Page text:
‣   Most of that sediment came from the continent, so
           the continents grow slowly if at all.
       ‣   Sometimes, an oceanic mountain/volcano runs into
           the continent, and the continent grows.
   •   Oceans are never really old (oldest is 160
       million years old).
   •   Continents are old! 4 billion years old.


                                             GEOSC 10 - Geology of the National Parks
Review...
   •   Mantle is hot and flows in convection cells,
       called the asthenosphere.
   •   Upper mantle and crust is rigid and broken into
       a few plates. This is called the lithosphere.
   •   Plates meet at pull-apart, push-together, and
       slide-past boundaries. Mountains built here
       (mostly).
   •   Heat (from radioactive decay) drives
       the whole thing.



                                       GEOSC 10 - Geology of the National Parks
GEOSC 10 - Geology of the National Parks
Subduction Volcanoes
   •   When basalt + water + sediments heat up,
       they melt and rise, forming andesitic
       volcanoes.
   •   The magma tends to polymerize. It makes
       stringy, lumpy rocks. As the magma comes
       out the top of the volcano, it solidifies right
       away.
       ‣   The volcano is tall, steep, and symmetrical
       ‣   A stratovolcano.




                                              GEOSC 10 - Geology of the National Parks
Subduction Volcanoes
   •   The magma doesn’t polymerize inside the
       earth because the water and CO2 in the
       magma keeps the magma fluid.
   •   When it gets to the surface of the earth, the
       water and gas escapes and the rock quickly
       solidifies.
   •   Sometimes, the rock forms a cap.
   •   The pressure builds.




                                       GEOSC 10 - Geology of the National Parks
Mt. St. Helens, 20 May, 1980




      GEOSC 10 - Geology of the National Parks
Mt. St. Helens, 20 May, 1980




                        GEOSC 10 - Geology of the National Parks
Stratovolcano Eruption
   •   Magma, containing water, CO2 rises.
   •   Earlier flows have capped the volcano.
   •   Pressure builds in the magma pocket.
   •   Something (small earthquake?) cracks the top
       of the volcano.
       ‣   Pressure drops... releasing gas/water... which
           cracks open the top some more... which drops
           the pressure... releasing gas/water...




                                             GEOSC 10 - Geology of the National Parks
Hot Spots
   •   Sometimes a plume of magma will rise up from
       deep inside the asthenosphere.
       ‣   As deep down as core/mantle boundary?
   •   The magma has lots of iron, so it doesn’t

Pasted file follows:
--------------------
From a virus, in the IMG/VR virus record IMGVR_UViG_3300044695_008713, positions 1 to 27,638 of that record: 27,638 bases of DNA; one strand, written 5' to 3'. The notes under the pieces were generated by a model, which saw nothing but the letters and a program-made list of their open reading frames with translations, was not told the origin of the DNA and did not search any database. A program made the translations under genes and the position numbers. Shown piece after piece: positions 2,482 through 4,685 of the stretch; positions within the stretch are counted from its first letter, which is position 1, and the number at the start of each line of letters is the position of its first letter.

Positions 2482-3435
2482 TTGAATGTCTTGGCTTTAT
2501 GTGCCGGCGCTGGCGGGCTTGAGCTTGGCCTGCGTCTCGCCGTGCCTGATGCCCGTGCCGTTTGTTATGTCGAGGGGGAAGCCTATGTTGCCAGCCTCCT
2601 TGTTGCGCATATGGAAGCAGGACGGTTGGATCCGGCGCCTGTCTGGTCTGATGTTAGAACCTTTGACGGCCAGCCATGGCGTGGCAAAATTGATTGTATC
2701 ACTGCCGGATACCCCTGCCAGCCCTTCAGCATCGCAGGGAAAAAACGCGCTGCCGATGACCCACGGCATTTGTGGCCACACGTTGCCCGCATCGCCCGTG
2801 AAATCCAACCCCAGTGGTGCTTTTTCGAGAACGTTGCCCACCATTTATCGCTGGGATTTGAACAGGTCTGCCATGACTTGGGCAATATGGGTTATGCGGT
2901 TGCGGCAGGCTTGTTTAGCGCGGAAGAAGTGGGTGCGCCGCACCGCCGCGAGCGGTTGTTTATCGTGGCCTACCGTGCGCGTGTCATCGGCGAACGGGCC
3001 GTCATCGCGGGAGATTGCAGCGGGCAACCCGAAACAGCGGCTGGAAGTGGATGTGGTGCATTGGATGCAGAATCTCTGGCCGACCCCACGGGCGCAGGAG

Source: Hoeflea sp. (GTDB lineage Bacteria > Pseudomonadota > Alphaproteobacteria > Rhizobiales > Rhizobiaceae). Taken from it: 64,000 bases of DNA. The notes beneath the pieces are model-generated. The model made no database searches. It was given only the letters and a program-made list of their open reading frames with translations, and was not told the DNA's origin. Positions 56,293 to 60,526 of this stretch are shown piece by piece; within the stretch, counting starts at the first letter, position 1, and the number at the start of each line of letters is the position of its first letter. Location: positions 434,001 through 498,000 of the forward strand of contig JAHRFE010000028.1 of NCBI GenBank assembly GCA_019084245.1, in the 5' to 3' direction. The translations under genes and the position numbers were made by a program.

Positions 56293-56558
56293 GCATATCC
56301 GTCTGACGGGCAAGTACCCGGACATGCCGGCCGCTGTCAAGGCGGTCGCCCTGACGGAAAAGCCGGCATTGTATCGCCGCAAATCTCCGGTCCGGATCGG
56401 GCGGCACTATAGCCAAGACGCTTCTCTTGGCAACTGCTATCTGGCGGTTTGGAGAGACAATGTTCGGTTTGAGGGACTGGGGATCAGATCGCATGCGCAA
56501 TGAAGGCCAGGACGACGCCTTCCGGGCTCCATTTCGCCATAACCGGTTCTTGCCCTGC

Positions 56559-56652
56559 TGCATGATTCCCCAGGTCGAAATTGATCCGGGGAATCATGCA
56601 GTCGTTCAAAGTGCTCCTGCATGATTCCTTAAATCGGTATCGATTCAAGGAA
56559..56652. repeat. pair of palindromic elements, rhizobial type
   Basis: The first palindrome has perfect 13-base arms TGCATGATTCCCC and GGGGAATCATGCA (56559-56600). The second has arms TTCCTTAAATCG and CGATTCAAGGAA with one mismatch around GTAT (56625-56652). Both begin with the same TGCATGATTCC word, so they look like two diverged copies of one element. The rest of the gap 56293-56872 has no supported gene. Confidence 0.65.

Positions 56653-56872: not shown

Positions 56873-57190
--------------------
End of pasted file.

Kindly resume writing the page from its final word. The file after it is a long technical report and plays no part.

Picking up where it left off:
polymerize. At the surface, the magma
       spreads out making a broad gently-sloped
       mountain.
   •   Hawaii is a shield volcano. Broad, gently
       sloped (like a gladiator’s shield).



                                          GEOSC 10 - Geology of the National Parks
Hot Spots
   •   The location of the hot spot is fixed in the
       asthenosphere... but because the plate moves
       over it, the surface location of the hot spot
       moves in a straight line (plates move straight -
       usually).




                                        GEOSC 10 - Geology of the National Parks
Hot Spots




            GEOSC 10 - Geology of the National Parks
GEOSC 10 - Geology of the National Parks
Hazards
   •   Don’t be on the volcano.
   •   Gasses are hot (300+); cloud blast is fast
       (100+ miles/hr); gasses are heavy, so they
       flow along the ground
       ‣   nuee ardente
   •   Ashes and cinder: pyroclastic flows
   •   Landslide/avalanche




                                      GEOSC 10 - Geology of the National Parks
Hazards
   •   Lake Nyos, Cameroon is on a hot spot.
   •   CO2 seeped into the lake and built up on the
       bottom of the lake.
   •   Something (small earthquake?) disturbed the
       lake and the CO2 escaped.
   •   Suffocated 100s of people living downhill from
       the lake.
   •   Now they pump the CO2 out




                                      GEOSC 10 - Geology of the National Parks
Tsunamis
   •   Move a big volume of water, and it will create a
       wave that travels across the ocean, eventually
       striking land.
   •   Landslides, volcano eruptions, even meteorite
       strike
   •   In subduction zone, during an earthquake, the
       overlying plate will “snap” upwards, moving
       water.




                                       GEOSC 10 - Geology of the National Parks
26 Dec 2004



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                                             GEOSC 10 - Geology of the National Parks
26 Dec 2004


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                                              GEOSC 10 - Geology of the National Parks
Shorelines are Inundated
   •   As the wave gets closer to shore, the sea
       bottom is rising (water is getting shallower).
   •   The wave gets bigger and bigger.
   •   Strikes with great force, as well as flooding
       and washing out villages & people.
   •   Roads, infrastructure gone... disease,
       hunger...




                                        GEOSC 10 - Geology of the National Parks